The Anderson-Darling statistic measures how well the data follow a particular distribution. For a specified data set and distribution, the better the distribution fits the data, the smaller this statistic will be. For example, you can use the Anderson-Darling statistic to determine whether data meets the assumption of normality for a t-test.
Use the corresponding p-value (when available) to test if the data come from the chosen distribution. If the p-value is less than a chosen alpha (usually 0.05 or 0.10), then reject the null hypothesis that the data come from that distribution. Minitab does not always display a p-value for the Anderson-Darling test because it does not mathematically exist for certain cases.
You can also use the Anderson-Darling statistic to compare the fit of several distributions to determine which one is the best. However, in order to conclude one distribution is the best, its Anderson-Darling statistic must be substantially lower than the others. When the statistics are close together you should use additional criteria, such as probability plots, to choose between them.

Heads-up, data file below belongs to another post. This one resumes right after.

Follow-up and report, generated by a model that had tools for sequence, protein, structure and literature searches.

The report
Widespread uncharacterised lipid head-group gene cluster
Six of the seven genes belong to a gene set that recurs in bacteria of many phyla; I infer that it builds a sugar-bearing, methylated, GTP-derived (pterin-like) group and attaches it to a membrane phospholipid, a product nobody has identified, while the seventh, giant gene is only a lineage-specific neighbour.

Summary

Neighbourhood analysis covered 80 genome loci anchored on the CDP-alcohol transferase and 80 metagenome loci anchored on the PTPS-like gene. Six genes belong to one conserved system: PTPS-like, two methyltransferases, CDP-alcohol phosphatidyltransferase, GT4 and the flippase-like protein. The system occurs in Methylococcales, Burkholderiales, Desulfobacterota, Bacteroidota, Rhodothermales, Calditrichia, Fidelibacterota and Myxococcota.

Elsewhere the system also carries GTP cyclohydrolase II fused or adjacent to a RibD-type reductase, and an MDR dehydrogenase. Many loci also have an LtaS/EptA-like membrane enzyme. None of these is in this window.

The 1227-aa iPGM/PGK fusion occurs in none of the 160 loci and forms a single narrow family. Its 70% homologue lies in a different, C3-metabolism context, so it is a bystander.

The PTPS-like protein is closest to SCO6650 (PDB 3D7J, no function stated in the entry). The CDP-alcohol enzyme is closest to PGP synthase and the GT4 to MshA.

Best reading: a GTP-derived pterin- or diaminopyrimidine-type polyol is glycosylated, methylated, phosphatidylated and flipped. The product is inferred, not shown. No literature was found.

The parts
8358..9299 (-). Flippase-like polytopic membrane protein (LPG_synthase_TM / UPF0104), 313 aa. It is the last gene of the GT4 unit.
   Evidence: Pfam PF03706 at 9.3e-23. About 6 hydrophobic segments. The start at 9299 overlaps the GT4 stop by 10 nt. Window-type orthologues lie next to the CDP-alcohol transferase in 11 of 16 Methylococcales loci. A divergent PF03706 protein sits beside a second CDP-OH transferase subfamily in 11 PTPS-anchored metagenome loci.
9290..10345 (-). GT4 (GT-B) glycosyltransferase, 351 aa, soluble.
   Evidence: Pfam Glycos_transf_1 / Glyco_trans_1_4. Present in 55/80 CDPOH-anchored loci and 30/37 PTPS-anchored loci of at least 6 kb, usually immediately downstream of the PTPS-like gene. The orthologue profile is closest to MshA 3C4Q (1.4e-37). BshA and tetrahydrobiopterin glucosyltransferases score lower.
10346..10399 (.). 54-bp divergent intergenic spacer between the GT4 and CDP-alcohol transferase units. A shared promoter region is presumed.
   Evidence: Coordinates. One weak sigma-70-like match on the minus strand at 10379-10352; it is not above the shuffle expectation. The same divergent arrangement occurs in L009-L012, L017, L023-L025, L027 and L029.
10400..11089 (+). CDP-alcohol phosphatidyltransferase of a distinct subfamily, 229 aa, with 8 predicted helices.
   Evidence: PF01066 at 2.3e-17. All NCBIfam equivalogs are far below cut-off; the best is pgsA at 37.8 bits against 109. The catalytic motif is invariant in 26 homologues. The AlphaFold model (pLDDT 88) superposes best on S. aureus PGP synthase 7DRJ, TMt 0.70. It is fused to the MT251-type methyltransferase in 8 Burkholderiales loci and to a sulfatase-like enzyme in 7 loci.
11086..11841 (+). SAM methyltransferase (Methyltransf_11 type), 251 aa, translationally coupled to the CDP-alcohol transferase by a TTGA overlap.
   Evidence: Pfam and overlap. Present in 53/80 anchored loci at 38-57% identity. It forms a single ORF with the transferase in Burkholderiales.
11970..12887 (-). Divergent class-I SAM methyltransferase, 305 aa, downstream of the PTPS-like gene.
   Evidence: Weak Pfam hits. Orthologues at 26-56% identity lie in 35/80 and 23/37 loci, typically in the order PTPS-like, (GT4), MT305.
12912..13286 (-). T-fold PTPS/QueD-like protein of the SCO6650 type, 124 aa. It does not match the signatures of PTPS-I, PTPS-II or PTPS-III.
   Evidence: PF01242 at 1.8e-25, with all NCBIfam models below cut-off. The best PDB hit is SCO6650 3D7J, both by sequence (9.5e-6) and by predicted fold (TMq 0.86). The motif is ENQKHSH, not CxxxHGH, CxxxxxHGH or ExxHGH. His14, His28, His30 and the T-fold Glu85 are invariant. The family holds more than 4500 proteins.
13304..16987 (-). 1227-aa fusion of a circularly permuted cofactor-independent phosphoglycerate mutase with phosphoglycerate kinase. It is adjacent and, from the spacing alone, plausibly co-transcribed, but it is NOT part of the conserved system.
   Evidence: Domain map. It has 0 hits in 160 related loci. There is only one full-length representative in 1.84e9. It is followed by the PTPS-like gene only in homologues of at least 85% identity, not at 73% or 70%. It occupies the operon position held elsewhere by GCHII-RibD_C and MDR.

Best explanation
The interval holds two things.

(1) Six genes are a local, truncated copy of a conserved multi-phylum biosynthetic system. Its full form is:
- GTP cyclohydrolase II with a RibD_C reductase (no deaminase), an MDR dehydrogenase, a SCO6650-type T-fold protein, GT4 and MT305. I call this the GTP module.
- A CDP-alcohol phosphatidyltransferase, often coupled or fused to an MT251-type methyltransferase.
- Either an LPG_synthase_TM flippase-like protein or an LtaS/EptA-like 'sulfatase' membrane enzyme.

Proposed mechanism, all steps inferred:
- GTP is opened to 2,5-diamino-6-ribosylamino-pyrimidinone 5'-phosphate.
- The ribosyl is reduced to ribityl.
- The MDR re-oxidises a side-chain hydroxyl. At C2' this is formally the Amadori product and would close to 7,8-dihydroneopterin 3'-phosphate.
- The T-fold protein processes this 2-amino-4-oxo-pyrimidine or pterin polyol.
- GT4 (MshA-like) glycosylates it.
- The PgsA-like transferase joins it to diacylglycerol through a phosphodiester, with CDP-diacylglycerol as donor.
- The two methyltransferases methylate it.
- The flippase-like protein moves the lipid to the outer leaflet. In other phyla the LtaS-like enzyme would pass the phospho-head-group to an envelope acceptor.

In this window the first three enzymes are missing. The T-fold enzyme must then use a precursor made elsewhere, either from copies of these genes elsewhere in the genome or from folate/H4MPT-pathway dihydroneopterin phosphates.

|Exponential||9.599||p < 0.003|
|Normal||0.641||p < 0.089|
|3-parameter Weibull||0.376||p < 0.432|
These probability plots are for the same data. Both the normal distribution and the 3-parameter Weibull distribution provide a good fit for your data.
Minitab calculates the Anderson-Darling statistic using the weighted squared distance between the fitted line of the probability plot (based on the chosen distribution and using either maximum likelihood estimation method or least squares estimates) and the nonparametric step function. The calculation is weighted more heavily in the tails of the distribution.
To display a legend showing the Anderson-Darling test statistic and p-value each time you create a normal probability plot of the residuals: